Tulip Timing and Preparing for Spring
The tulip bulbs went into the ground yesterday! Michelle and Marnie dug out a long trench 4-6 inches deep and placed the bulbs in rows. They will rest under the soil until they emerge in all their glory next spring!
There are several things that make tulips difficult to grow, number one being how delicious they are to wildlife. Squirrels and chipmunks will dig up tulip bulbs for a tasty snack. The best bet to deter them is to plant in late fall, after they have stashed the bulk of their nuts for the winter. Deer also find tulips delectable. When the leaves emerge in the spring, but before the flower stalks sprout, we cover them with row cover to keep them at bay.
The second consideration when growing tulips is moisture. Tulips are native to Central Asia, Turkey and parts of Southern Europe and do better in dry conditions. Too much moisture in the soil can lead to rotting bulbs.
Finally, tulips need to experience at least 12 to 14 weeks of temperatures below 55 degrees to bloom. That’s why we plant them in the fall! In warmers climates or if you miss the autumn planting you can purchase pre-chilled bulbs for a spring planting.
Tulips are a member of the Lily family, which contains around 75 species. It is estimated that they were domesticated by the Turks around 1000 A.D. and their pointed blooms feature prominently in Turkish artwork. During the 16th century in Istanbul they found prominence in the palace gardens. When they were introduced to the Netherlands in the 17th century it was quickly discovered that they grew very well in the flat, fertile lowlands. Their rarity and subsequent gain in popularity among the well to do lead to a rise in prices.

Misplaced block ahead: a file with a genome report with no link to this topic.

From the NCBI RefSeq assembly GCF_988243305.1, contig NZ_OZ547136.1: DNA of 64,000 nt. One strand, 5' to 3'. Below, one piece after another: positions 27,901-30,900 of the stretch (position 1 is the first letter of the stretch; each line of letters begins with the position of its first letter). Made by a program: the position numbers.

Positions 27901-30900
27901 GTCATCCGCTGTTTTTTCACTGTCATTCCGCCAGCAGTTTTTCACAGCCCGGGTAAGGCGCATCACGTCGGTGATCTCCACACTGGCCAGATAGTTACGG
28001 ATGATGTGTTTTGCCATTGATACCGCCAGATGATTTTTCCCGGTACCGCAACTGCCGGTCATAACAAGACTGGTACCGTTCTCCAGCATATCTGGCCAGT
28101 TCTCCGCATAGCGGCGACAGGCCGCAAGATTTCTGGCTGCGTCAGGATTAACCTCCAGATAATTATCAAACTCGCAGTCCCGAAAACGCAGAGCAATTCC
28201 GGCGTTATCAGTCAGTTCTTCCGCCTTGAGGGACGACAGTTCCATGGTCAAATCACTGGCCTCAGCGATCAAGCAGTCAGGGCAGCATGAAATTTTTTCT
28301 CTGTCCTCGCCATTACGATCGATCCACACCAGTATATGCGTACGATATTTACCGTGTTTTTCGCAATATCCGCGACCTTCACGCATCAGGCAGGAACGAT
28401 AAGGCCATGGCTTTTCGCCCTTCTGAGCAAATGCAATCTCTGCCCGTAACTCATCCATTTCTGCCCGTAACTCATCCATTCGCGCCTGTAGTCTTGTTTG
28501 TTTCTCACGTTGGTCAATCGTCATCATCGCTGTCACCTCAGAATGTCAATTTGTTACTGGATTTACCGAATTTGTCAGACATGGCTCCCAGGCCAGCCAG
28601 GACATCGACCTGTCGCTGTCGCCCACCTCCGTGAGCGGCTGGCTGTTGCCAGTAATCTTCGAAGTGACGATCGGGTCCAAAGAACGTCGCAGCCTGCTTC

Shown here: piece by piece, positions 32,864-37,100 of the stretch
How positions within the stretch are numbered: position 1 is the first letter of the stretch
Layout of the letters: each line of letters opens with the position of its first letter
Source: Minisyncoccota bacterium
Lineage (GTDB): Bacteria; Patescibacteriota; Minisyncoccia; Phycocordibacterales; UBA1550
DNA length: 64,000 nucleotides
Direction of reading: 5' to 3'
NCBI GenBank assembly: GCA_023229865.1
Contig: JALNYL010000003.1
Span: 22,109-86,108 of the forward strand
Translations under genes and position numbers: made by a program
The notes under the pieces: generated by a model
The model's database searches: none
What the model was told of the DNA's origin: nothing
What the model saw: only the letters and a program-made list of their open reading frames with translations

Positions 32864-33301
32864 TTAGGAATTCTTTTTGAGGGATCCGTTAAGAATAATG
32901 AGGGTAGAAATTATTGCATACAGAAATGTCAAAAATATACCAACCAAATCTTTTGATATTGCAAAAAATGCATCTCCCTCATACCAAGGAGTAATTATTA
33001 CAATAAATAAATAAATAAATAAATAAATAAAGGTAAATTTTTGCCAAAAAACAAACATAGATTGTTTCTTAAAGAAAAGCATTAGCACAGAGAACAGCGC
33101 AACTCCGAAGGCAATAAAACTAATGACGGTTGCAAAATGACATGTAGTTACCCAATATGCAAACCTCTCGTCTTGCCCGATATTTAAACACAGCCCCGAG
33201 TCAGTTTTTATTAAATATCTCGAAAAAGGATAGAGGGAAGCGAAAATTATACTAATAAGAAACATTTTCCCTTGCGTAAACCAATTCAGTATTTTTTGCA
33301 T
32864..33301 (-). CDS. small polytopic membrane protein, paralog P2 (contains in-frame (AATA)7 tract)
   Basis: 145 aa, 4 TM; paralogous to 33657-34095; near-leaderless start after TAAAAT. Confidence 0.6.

Varieties that were especially popular were ‘broken’ varieties where genetic variations caused by a mosaic virus led to petals with multiple colored streaks. At the peak of their fashion, tulips in the Netherlands were being bought, traded, and sold for more than the cost of a house! Eventually this speculative bubble burst, but it only diminished the popularity of tulips temporarily. To this day the Netherlands is the largest exporter of tulips and tulip bulbs and over 9 billion are produced each year.
We still have tulip bulbs in the farmstand if you’d like to have your own tulip bed! (And they won’t break the bank!) They will be available until the end of the month.
-The Cedar Circle Farm Team
P.S. We still have plenty of perennials available for fall planting. Get a head start on your spring landscaping now!